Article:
Tuesday, November 08, 2005

Two Authors and One Arthur

Just returned from the World Fantasy Convention in Madison, WI, that Graham Joyce-styled mobile Brigadoon of like-minded friends meeting once a year to pick up where they left off. Highlights were meeting Pyr authors Charles Coleman Finlay and Michael Blumlein in the flesh, as well as artist Caniglia (who provided the excellent cover illustration for Michael's book). Also good to see copy editor extraordinaire Deanna Hoak, Jonathan Strahan, Toby Buckell, Greg Manchess, Irene Gallo, and a host of others. Most gratifying: seeing John Picacio win the award for Best Artist. Most surprising: finding out that Jay Caselberg is good with kids. Who knew? Pictured right is my son Arthur, who made his convention debut this weekend, seen enjoying himself in the company of authors Jess Nevins and Hal Duncan.

Ironic framing: the night before the convention, hanging out in Jonathan Strahan and Garth Nix's suite (thanks guys), discussing definitions of SF with Borderland's Alan Beatts, who floated the criteria that for a work to be SF an author had to be deliberately and consciously writing within the tradition, aware of the history of SF and part of the community, a definition which excludes works like Audrey Niffenegger's The Time Traveler's Wife and Philip Roth's The Plot Against America. Then, the night after the convention, a final late-night conversation with Paolo Bacigalupi (or someone claiming to be Paolo Bacigalupi, hugs to Cheryl). Paolo, it turns out, reads only nonfiction and The New Yorker, and confessed that he had no idea who any of the writers he met during the con were. This did not stop him from writing the Hugo-nominated "The People of Sand and Slag." My own 2 cents: When Professor Roy Hinkley Jr. invents a flying plastic disc in his new university lab in Rescue from Gilligan's Island, it's still a frisbee, whether he knows it or not.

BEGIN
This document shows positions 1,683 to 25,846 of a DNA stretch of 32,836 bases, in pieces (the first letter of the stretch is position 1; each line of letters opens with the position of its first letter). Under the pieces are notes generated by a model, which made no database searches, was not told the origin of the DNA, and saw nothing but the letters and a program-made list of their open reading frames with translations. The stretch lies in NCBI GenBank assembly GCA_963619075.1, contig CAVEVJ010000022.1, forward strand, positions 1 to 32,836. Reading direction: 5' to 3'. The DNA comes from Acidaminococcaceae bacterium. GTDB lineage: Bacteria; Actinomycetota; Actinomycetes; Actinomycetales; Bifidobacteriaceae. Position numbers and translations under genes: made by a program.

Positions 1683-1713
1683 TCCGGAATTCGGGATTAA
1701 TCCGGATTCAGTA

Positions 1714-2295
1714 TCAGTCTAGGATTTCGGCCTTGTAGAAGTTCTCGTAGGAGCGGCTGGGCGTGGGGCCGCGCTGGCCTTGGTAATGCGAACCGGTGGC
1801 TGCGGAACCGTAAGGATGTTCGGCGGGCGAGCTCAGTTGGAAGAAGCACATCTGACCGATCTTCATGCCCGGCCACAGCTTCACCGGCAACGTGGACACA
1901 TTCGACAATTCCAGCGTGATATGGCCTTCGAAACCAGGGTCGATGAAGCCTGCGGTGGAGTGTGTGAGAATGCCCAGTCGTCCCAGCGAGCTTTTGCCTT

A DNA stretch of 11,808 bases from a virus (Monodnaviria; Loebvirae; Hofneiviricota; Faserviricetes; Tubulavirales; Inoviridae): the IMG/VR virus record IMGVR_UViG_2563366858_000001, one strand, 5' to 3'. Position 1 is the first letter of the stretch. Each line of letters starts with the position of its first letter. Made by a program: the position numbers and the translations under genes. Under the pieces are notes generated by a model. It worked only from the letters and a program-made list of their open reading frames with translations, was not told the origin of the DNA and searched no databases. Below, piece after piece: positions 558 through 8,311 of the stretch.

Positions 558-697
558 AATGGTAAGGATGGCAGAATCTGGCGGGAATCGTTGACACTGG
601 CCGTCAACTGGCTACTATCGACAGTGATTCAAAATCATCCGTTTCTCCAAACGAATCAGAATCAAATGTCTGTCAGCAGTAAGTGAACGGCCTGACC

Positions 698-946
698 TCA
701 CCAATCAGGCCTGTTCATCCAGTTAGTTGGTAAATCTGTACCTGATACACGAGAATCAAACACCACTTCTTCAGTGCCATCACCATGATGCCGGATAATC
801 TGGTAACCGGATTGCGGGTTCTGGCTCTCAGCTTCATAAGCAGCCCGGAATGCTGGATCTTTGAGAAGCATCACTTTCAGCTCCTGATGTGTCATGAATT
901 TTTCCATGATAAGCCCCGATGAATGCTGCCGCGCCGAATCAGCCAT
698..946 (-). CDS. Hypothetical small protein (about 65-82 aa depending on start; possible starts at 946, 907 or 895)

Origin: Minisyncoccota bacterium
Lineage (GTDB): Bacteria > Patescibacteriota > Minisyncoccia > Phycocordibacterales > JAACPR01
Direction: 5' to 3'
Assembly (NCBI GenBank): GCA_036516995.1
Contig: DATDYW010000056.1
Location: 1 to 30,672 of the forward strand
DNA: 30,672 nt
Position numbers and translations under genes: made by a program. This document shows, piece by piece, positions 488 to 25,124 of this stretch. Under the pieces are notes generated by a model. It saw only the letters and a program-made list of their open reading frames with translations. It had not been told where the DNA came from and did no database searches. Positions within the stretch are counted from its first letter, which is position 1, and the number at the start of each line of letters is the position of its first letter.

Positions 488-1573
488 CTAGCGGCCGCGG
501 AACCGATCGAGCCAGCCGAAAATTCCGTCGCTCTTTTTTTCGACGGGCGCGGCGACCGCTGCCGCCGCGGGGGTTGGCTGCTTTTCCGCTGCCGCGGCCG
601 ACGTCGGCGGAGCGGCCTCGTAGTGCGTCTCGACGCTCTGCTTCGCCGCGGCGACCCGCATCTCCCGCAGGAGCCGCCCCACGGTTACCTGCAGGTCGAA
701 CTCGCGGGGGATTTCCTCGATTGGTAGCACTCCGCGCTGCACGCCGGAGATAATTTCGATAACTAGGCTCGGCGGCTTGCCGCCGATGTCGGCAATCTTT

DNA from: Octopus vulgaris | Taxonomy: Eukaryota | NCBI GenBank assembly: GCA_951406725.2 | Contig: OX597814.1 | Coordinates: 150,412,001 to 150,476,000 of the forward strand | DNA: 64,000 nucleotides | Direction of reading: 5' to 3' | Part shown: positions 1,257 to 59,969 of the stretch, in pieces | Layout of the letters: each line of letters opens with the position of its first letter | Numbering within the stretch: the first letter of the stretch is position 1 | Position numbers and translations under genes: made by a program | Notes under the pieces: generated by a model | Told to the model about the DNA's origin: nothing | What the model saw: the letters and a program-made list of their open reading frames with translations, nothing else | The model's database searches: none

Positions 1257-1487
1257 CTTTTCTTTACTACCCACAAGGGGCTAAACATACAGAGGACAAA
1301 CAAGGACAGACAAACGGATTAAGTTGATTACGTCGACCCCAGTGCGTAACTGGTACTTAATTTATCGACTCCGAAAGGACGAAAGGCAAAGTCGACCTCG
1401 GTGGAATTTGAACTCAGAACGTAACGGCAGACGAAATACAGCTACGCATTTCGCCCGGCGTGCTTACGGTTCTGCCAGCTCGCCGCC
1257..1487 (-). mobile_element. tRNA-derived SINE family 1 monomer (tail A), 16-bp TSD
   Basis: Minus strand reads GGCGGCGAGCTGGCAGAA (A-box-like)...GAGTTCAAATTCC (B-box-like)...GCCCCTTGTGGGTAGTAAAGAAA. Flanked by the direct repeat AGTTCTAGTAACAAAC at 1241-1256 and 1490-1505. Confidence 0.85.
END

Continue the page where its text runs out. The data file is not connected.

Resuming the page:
Cheryl said...

As I recall, Niffenegger claims to be a keen reader of SF, especially during her student days. How that affects her book I don't know as I couldn't finish it. Roth, on the other hand, is supposed to have said that he was the first person ever to write an alternate history.

Jess Nevins said...

These discussions are ultimately pointless, of course, but...I think that's an overly restrictive definition, as it would, at the very least, exclude a lot of pre-Wells, pre-Verne sf, and seems to demand more from an author than is reasonable. Under-21s who write sf can hardly be expected to be aware of the history of the genre or part of the community, after all.

Lou Anders said...

The way I believe Roth said it was that he had "absolutely no precedent" for writing the book. Perhaps he meant no, ahem, literary precedent. Offensive either way. And I, of course, favor more comprehensive definitions to restrictive ones.

But I'm curious - what about writers (and there are quite a few of them in our field) who are versed in the famous old guys - Asimov, Clarke, Tolkien - but nothing more modern? They are writing with a knowledge of the tradition, albeit an outdated knowledge.

Anonymous said...

I'm suspicious of the definition as it requires knowledge of the author that we're not always privy to (viz Cheryl's point about Time Traveller's Wife). Also where does it put books written before SF acquired a tradition? Unless we can all agree on a definition for what SF is (and let's face it we cant, or at least haven't yet) SFness is always going to be in the eye of the beholder.

Strikes me that 'SF' is at its clearest and most defined as a term when it is used as marketing label.

Lou Anders said...

If I may quote Frederik Pohl again:

Does the story tell me something worth knowing, that I had not known before, about the relationship between man and technology? Does it enlighten me on some area of science where I had been in the dark? Does it open a new horizon for my thinking? Does it lead me to think new kinds of thoughts, that I would not otherwise perhaps have thought at all? Does it suggest possibilities about the alternative possible future courses my world can take? Does it illuminate events and trends of today, by showing me where they may lead tomorrow? Does it give me a fresh and objective point of view on my own world and culture, perhaps by letting me see it through the eyes of a different kind of creature entirely, from a planet light-years away? - These qualities are not only among those which make science fiction good, they are what make it unique. Be it never so beautifully written, a story is not a good science fiction story unless it rates high in at least some of these aspects. The content of the story is as valid a criterion as the style.

Anonymous said...

Yeah OK, I'll sign up to that one. That makes three of us. Are we are a movement yet? 'Pohlists' sounds suitably 'agitprop'. :-)